Meat and meeting
Your comments are great. Keep it up. As for Mr. Meat, well, I know his type to a T. He majored in hostility and intimidation.
Funny what some readers read into my stories. Despite what Meathead wrote, I haven't ever really complained here about not having or making money. At the university, I even accepted a cut in pay last year and didn't even complain about that loss of $1000 a semester (I was told my previous paychecks had been too high as a result of some bookkeeping error -- ha!).
Look, I think the pay they offer adjuncts at just about every university is pathetic. Worked out by the hour, busboys make more. But typically we adjuncts aren't doing it for money. We simply like teaching. We like passing along the lessons we learned the hard way. I enjoy teaching writing because I love writing and want to share my passion for it as a craft and a career.
Writing is how I earn my living. And since all the media hooha started, I've received many more assignments from bigger publications and for substantially fatter fees. Moneywise, I live modestly but comfortably and don't want for anything (except health coverage). I buy cute outfits at Target and drive my cars till they fall off the wheels with age.
I have tasted the high life, no doubt about that. In my career as a writer on the entertainment beat, I've been to more than my share of lavish Hollywood parties (hundreds, no joke) and met every famous person I ever dreamed of meeting (including Lucille Ball, Mary Tyler Moore, Lyle Lovett, the guys who do South Park, Larry Gelbart and the late Mister Rogers). Stories have taken me to glamorous locales overseas, as well as the poorest areas of every city I've ever worked in. Believe me, there are more unhappy movie stars than you might imagine, and more happy busboys than you might have thought either.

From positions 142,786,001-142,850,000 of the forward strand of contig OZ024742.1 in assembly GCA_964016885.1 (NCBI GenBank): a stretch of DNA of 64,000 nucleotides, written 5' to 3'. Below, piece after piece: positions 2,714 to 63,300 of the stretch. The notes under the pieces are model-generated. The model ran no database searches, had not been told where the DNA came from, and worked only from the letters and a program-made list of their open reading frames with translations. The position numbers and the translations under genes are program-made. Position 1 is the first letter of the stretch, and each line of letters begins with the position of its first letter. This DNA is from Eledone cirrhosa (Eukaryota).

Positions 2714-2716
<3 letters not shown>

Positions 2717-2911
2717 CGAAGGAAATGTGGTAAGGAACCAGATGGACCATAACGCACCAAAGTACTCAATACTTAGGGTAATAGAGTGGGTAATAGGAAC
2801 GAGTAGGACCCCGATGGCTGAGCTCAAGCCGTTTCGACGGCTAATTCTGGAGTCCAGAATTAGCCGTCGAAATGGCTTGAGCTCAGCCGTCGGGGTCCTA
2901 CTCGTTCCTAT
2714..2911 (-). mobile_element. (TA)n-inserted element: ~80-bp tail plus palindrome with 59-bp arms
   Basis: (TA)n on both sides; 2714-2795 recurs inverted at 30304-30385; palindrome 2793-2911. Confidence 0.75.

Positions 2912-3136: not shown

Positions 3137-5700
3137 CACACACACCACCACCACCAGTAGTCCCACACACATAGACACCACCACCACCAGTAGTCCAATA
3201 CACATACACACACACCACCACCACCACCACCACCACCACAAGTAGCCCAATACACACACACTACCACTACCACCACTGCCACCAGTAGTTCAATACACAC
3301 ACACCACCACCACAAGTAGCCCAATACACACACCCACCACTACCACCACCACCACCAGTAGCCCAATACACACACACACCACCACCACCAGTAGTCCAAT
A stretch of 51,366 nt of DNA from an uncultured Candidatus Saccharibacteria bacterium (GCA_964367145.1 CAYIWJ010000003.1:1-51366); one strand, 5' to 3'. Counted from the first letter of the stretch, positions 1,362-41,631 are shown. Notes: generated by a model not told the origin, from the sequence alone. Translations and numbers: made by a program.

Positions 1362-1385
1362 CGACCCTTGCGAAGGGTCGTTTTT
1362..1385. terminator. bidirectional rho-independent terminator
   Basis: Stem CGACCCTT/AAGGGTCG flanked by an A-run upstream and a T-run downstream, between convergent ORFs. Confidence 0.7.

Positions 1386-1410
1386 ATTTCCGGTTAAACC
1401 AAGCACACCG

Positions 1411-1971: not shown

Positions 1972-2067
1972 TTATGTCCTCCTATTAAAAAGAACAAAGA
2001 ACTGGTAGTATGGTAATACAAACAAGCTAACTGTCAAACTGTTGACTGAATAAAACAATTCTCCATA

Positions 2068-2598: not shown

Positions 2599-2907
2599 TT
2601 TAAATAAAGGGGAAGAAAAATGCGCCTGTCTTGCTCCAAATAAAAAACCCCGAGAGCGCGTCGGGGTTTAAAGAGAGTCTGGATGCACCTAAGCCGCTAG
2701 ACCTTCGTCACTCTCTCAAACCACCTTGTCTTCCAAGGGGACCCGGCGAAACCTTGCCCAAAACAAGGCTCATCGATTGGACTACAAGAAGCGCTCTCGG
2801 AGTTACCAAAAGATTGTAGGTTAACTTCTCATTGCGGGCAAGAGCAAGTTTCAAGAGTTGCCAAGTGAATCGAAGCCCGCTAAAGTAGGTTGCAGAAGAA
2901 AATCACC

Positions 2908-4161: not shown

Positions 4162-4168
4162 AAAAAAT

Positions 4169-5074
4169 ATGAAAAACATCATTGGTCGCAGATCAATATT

What so many of the kids I've written about have yet to realize is: Life is not about a paycheck. It's not about a car, a debutante ball or a McMansion in Frisco (a booming suburb of Dallas). Oh, boy, is it ever not about those things. Maybe you have to have miles on you to know that for sure. Maybe you have to have known some loss -- of people you loved or of opportunities you didn't realize. You learn that you can live on much less than you thought you had to. And in time, you find that there's a certain freedom in it. Time you can call your own can be worth a lot more than hours-days-weeks-years spent serving a master who doesn't appreciate you. (My friends, the Eds, have taught me that lesson.)
Enough whinging about such serious things. Someone also asked if I ever meet my readers. I hope to meet many of you when the book is published. Or maybe before that we could have a back-to-school get-together sometime this fall. I'm working on a lot of things, including T-shirts and other fun items from the Phantom Prof brand.
It's all about to go off the hook, baby. And I'm enjoying every comment, email and good vibe that you send.
Keep writing, y'all. And I will, too.